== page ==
A closely related consequence of,  outcome unpredictability is that it tends to undermine the whole point of entering into a well-structured and clearly drafted business contract. One of the reasons parties often invest effort into making contractual provisions as clear as possible is to avoid the sort  of gamesmanship discussed above, but if you agree to arbitrate you may risk defeating the purposes and objectives  of careful contract drafting, and may unintentionally be providing your counterparty with a means  to escape or renegotiate  its obligations at your or  your client’s expense. Why invest all that time, money and effort in careful contract drafting unless you can be reasonably sure that the contract will be enforced as written?

Outcome unpredictability is anathema to the law of contracts—as we said, courts in business friendly jurisdictions, generally interpret and apply contracts in relatively predictable ways—and yet it is a risk one undertakes by agreeing to arbitrate disputes. It has a number of other consequences apart from those we touched on above, but the bottom line is that it can be very costly, and usually needs to be managed carefully if one decides to agree to arbitrate.

Compounding outcome risk is arbitration law. Arbitration is supposed to be an alternative to litigation that will help relieve congested court dockets. That is why arbitration is a favorite son of the law. See Roughneck Concrete Drilling and Sawing Co. v. Plumbers’ Pension Fund, 640 F.3d 761, 765 (7th Cir. 2011) (“bias in favor  of arbitration.  .  . seems largely motivated by a desire to limit judicial workloads”).

The Federal Arbitration Act is supposed to promote arbitration by making it a viable and cost effective alternative to litigation. Perhaps arbitration might be more attractive to some parties if there were more judicial oversight, but that would not only deprive courts of the benefits of reduced docket stress, but would probably add considerably to it. It would also make arbitration more time consuming and expensive, making it less desirable to many as an alternative to litigation. (See, e.g., Loree Reins. & Arb. Law Forum post here.)

When a court resolves a contract dispute, its final decision can be appealed to an appellate court, where a panel of judges will review questions of law de novo—that is, independently—and factual questions for clear error. Thus, even if a trial court misinterprets the contract, that error may be corrected on appeal.

But when it comes to the merits of the dispute, arbitration is a one-shot deal, generally without the opportunity for second chances. There is no right to appellate review of an arbitration award, and courts cannot and will not review—let alone correct—an arbitrator’s mistakes of law or fact. (See, e.g., Loree Reins. & Arb. Law Forum post here.)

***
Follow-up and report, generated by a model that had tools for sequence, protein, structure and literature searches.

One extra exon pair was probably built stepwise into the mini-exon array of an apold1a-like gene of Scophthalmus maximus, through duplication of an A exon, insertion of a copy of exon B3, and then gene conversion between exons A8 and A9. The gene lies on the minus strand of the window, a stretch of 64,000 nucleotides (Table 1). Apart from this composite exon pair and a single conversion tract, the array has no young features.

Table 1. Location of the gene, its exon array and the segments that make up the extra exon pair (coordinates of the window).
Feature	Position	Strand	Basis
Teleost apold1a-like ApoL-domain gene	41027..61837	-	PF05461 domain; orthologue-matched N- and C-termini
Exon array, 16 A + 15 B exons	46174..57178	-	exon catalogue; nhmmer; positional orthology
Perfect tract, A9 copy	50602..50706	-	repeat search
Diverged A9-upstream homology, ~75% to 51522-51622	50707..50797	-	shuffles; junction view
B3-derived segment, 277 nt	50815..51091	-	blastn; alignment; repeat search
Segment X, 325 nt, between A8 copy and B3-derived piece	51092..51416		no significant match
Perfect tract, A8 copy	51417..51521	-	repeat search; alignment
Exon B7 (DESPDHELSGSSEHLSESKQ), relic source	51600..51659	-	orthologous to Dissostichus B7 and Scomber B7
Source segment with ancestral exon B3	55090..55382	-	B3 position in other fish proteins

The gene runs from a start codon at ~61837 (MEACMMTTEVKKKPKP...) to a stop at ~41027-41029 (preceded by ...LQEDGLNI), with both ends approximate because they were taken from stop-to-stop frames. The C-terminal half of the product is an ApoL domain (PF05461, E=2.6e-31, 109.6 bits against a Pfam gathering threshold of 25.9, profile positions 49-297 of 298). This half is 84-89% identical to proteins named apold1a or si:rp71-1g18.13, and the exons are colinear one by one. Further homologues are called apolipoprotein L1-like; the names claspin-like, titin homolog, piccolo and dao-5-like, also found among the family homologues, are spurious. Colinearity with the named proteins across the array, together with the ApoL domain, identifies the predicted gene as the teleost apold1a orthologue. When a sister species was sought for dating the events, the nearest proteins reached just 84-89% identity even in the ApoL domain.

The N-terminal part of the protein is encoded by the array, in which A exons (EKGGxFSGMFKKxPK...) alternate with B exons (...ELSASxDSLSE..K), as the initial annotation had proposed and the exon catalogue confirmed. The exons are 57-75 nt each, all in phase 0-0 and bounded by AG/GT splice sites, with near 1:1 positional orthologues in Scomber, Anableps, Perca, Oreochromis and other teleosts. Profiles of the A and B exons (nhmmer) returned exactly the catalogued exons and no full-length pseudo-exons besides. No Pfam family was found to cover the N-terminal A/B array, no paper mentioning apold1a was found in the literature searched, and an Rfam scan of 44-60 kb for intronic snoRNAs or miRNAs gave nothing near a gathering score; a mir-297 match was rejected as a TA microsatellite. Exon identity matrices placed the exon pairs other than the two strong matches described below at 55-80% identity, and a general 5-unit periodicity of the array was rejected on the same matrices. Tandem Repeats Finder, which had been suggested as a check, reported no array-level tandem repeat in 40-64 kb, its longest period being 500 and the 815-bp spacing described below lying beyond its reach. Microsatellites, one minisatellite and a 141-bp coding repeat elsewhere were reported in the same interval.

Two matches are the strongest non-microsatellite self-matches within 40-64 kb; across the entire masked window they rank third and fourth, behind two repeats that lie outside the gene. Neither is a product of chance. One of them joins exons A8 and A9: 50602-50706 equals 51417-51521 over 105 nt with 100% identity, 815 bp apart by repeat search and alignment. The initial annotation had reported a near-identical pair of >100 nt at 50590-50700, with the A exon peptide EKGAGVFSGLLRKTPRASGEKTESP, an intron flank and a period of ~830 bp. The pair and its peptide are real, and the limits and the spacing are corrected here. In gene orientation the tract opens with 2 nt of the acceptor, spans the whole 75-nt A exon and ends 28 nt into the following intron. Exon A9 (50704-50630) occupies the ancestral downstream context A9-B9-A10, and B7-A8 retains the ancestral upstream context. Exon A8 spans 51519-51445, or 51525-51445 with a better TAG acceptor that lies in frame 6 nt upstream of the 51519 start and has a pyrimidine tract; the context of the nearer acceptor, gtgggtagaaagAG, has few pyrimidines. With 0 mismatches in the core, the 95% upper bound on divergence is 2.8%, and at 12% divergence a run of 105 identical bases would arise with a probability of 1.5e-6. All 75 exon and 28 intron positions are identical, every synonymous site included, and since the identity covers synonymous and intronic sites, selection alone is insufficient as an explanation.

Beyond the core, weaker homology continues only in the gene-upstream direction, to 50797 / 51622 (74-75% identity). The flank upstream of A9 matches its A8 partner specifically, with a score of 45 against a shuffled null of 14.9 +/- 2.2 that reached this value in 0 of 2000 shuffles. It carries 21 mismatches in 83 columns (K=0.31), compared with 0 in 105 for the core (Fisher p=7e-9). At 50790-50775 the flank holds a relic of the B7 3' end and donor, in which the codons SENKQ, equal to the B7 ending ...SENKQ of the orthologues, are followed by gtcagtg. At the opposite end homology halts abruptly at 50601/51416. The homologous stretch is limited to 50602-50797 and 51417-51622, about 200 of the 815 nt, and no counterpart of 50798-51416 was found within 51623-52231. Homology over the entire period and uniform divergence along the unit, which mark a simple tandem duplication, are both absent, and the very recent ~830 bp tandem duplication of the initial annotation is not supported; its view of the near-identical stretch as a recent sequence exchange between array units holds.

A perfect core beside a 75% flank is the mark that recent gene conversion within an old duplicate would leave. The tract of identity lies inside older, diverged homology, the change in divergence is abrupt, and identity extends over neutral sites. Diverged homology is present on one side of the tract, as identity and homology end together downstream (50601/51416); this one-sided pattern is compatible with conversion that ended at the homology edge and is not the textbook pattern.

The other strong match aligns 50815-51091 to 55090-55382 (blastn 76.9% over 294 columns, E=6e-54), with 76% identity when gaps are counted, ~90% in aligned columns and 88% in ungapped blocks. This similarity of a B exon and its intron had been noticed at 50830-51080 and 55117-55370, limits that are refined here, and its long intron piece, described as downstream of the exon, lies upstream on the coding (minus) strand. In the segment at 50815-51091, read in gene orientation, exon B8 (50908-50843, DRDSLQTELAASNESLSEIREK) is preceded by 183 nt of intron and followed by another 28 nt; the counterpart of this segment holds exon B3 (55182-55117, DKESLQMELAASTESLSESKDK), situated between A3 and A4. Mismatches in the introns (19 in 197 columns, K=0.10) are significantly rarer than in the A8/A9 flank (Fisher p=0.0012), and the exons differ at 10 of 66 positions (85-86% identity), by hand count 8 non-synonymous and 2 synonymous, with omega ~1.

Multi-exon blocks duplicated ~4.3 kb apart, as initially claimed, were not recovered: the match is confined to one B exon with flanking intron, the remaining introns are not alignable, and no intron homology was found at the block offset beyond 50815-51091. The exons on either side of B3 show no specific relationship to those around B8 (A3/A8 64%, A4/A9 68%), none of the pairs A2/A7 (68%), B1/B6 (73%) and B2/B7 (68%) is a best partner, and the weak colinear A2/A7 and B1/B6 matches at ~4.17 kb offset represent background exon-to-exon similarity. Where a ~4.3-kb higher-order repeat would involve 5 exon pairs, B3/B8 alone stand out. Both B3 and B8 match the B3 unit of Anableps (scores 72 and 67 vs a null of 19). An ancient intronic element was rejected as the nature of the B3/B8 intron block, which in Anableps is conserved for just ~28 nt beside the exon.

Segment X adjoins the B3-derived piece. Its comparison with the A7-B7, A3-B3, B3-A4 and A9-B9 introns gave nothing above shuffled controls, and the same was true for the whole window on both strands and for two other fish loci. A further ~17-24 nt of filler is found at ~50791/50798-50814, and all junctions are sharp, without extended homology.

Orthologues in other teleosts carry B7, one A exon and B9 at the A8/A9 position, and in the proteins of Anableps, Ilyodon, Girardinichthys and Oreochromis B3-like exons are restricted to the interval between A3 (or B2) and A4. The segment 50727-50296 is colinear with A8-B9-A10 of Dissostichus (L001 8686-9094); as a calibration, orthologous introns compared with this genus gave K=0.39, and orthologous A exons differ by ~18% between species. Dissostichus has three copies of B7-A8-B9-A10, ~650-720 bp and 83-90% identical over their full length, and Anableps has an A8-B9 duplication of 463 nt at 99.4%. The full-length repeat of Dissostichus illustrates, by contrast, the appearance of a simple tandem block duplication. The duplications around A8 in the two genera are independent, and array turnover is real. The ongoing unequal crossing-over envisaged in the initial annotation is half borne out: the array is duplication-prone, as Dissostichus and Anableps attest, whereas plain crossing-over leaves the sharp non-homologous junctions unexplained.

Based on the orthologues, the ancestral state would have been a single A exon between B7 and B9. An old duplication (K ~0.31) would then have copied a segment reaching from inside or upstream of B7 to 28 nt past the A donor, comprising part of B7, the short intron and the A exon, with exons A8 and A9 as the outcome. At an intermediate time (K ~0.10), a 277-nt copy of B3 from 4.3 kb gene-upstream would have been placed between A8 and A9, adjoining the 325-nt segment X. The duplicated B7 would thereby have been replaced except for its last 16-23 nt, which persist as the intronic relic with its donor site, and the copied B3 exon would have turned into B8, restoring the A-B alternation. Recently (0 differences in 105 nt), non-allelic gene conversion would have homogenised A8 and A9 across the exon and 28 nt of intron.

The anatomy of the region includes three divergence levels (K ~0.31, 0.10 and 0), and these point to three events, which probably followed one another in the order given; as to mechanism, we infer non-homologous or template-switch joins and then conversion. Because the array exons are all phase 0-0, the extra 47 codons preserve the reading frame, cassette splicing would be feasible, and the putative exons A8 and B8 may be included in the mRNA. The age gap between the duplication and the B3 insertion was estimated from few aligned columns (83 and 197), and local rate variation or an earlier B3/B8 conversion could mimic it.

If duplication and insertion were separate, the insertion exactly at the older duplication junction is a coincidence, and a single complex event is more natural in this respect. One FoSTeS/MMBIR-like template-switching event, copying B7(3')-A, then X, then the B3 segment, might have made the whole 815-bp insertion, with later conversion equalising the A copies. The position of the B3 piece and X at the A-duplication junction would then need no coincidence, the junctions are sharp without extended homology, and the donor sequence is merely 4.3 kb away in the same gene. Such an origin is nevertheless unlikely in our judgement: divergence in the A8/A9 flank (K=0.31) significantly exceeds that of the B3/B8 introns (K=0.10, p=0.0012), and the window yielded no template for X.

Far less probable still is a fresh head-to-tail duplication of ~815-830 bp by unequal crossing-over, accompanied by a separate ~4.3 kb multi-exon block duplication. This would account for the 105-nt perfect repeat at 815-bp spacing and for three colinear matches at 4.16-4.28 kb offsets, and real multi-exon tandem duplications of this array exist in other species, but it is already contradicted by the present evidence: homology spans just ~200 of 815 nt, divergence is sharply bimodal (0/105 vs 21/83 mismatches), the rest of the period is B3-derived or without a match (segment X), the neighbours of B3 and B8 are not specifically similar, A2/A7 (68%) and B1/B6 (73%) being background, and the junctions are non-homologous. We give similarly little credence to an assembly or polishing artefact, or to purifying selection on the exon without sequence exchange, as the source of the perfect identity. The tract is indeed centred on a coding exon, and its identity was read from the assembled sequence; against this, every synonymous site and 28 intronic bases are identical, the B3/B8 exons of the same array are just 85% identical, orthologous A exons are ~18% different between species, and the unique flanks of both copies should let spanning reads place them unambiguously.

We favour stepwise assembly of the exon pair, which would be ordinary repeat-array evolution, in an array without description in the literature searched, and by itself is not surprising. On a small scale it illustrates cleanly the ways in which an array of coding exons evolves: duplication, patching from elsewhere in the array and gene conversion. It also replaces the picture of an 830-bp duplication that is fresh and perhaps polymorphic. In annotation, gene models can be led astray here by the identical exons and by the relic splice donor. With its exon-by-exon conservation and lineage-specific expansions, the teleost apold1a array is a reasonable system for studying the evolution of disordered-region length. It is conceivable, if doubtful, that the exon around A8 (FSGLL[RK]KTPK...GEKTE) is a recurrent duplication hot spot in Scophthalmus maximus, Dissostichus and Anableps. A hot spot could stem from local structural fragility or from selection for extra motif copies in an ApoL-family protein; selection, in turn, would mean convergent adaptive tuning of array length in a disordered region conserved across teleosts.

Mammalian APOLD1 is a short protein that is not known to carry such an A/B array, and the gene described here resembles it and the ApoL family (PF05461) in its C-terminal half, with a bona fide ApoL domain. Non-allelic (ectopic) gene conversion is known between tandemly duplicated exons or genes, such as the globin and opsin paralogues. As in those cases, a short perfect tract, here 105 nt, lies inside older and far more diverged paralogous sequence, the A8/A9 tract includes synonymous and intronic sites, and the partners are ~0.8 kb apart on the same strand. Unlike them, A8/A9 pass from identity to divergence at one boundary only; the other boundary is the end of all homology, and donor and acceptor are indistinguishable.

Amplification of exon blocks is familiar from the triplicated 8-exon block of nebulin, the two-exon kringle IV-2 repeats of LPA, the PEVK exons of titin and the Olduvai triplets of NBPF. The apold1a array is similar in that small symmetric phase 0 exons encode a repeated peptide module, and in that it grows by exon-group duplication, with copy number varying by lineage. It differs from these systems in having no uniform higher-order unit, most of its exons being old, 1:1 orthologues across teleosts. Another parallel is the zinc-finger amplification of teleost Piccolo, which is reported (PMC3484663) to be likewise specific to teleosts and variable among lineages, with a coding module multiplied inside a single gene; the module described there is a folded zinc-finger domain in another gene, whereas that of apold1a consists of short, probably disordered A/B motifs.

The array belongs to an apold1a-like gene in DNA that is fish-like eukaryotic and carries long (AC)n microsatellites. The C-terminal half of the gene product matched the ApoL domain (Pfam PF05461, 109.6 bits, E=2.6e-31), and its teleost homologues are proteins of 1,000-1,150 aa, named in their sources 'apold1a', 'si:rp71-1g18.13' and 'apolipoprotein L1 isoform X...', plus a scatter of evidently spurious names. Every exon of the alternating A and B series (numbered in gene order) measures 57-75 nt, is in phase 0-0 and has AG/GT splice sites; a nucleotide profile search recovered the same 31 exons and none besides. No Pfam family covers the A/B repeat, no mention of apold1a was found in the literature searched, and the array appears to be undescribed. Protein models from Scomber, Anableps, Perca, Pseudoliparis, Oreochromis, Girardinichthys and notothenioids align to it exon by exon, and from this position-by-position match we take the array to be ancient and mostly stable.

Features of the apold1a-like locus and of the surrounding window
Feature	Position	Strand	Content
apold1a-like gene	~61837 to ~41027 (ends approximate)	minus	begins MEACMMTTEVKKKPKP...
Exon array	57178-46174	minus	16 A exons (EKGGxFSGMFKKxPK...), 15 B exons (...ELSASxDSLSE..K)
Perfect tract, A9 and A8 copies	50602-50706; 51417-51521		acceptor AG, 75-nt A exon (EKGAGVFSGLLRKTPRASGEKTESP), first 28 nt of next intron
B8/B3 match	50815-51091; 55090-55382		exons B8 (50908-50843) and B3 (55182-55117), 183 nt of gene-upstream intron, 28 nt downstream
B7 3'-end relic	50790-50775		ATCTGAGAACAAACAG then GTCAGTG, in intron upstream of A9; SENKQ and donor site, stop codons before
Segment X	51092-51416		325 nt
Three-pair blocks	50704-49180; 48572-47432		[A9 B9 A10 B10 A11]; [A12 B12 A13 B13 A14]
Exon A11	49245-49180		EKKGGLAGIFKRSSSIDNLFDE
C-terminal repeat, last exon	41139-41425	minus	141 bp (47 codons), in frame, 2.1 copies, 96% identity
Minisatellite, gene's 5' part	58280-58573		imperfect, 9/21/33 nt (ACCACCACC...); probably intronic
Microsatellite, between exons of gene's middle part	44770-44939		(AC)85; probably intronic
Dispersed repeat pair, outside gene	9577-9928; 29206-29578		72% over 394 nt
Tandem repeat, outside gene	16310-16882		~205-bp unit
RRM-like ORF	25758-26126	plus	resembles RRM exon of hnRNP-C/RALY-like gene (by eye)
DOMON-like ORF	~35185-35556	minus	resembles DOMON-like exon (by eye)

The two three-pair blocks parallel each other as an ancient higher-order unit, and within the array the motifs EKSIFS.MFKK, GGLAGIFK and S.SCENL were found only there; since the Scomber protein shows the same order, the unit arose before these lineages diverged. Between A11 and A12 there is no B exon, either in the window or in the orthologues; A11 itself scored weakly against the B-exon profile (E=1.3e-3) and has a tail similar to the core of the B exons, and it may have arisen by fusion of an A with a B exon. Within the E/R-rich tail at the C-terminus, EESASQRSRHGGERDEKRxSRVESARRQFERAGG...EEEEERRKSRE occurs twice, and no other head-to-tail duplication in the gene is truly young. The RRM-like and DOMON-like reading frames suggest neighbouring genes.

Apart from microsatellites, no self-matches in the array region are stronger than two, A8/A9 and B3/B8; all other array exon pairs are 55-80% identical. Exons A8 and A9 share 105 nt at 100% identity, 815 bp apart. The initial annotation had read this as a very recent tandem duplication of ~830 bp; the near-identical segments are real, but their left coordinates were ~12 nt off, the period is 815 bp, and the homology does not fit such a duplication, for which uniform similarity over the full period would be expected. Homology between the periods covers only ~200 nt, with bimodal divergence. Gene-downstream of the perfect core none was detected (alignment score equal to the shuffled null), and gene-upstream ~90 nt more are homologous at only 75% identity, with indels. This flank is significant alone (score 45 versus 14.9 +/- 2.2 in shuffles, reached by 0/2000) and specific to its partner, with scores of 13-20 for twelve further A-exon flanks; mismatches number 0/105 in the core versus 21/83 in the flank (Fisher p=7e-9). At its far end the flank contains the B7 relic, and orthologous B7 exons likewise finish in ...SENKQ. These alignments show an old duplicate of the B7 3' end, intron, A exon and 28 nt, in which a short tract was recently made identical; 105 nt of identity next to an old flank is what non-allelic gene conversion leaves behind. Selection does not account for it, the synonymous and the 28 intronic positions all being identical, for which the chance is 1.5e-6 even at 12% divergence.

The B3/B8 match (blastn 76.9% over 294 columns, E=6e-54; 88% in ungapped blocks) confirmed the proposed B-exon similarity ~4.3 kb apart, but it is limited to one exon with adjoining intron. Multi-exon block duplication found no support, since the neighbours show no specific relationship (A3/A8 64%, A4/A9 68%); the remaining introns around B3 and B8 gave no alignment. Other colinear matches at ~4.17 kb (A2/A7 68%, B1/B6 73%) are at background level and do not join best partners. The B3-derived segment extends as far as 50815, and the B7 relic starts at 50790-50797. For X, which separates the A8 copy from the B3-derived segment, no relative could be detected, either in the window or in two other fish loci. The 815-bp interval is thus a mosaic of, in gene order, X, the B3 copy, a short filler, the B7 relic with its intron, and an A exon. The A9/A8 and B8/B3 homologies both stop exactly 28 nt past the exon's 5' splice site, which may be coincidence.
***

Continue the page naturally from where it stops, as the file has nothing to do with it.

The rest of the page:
The recourse of a losing party in a Federal Arbitration Act (“FAA”) governed arbitration is usually limited to an order vacating modifying or correcting an award under FAA Sections 10 or 11. These narrow grounds for relief act as a “fail safe” or “safety net,” which is designed to ensure that the award upon which the court is asked to enter judgment is a legitimate product of the parties’ agreement to arbitrate, and that the challenging party has not been deprived of the modest requirements of fundamental fairness FAA Sections 10(a)(1) through 10(a)(3) imply into every arbitration agreement. See Wise v. Wachovia Securities, LLC, 450 F. 3d 265, 269 (7th Cir. 2006) (a party challenging an “arbitration award.  .  .   does so not on the ground that the arbitrators made a mistake but that they violated the agreement to arbitrate, as by corruption, evident partiality, exceeding their powers, etc.—conduct to which the parties did not consent when they included an arbitration clause in their contract”).

While challenges to arbitration awards are fairly common, successful ones are not. Petitions or motions to vacate, modify or correct awards are adjudicated summarily and, for the most part, the arbitrator’s outcome will be deemed to exceed his or her powers only when it is not even arguably based on an interpretation of the contract, that is, where the award lacks any contractual basis. (See, e.g., Loree Reins. & Arb. Law Forum post here.)  Some courts may allow vacatur where the award manifestly disregards some well-established and clearly applicable legal rule or principle argued to the arbitrator, but relief under this standard is exceedingly rare. In any event, courts have imposed several requirements that usually have to be met to successfully challenge an award, and for the most part, any doubts about vacatur, modification or correction are resolved in favor of rejecting the challenge and confirming the award (that is, entering judgment on it).

In the next segment of this post we’ll discuss “fail-safe risk,” which is the risk that courts will give award challenges shorter shrift than may otherwise be appropriate, even in close cases.


Links to Previous Segments of this Multi-Part Small Business B-2-B Arbitration Post:

Part I

Part II.A

Part II.B.1

Part II.B.2(A)

Part II.B.2(B)

Part II.B.2(C)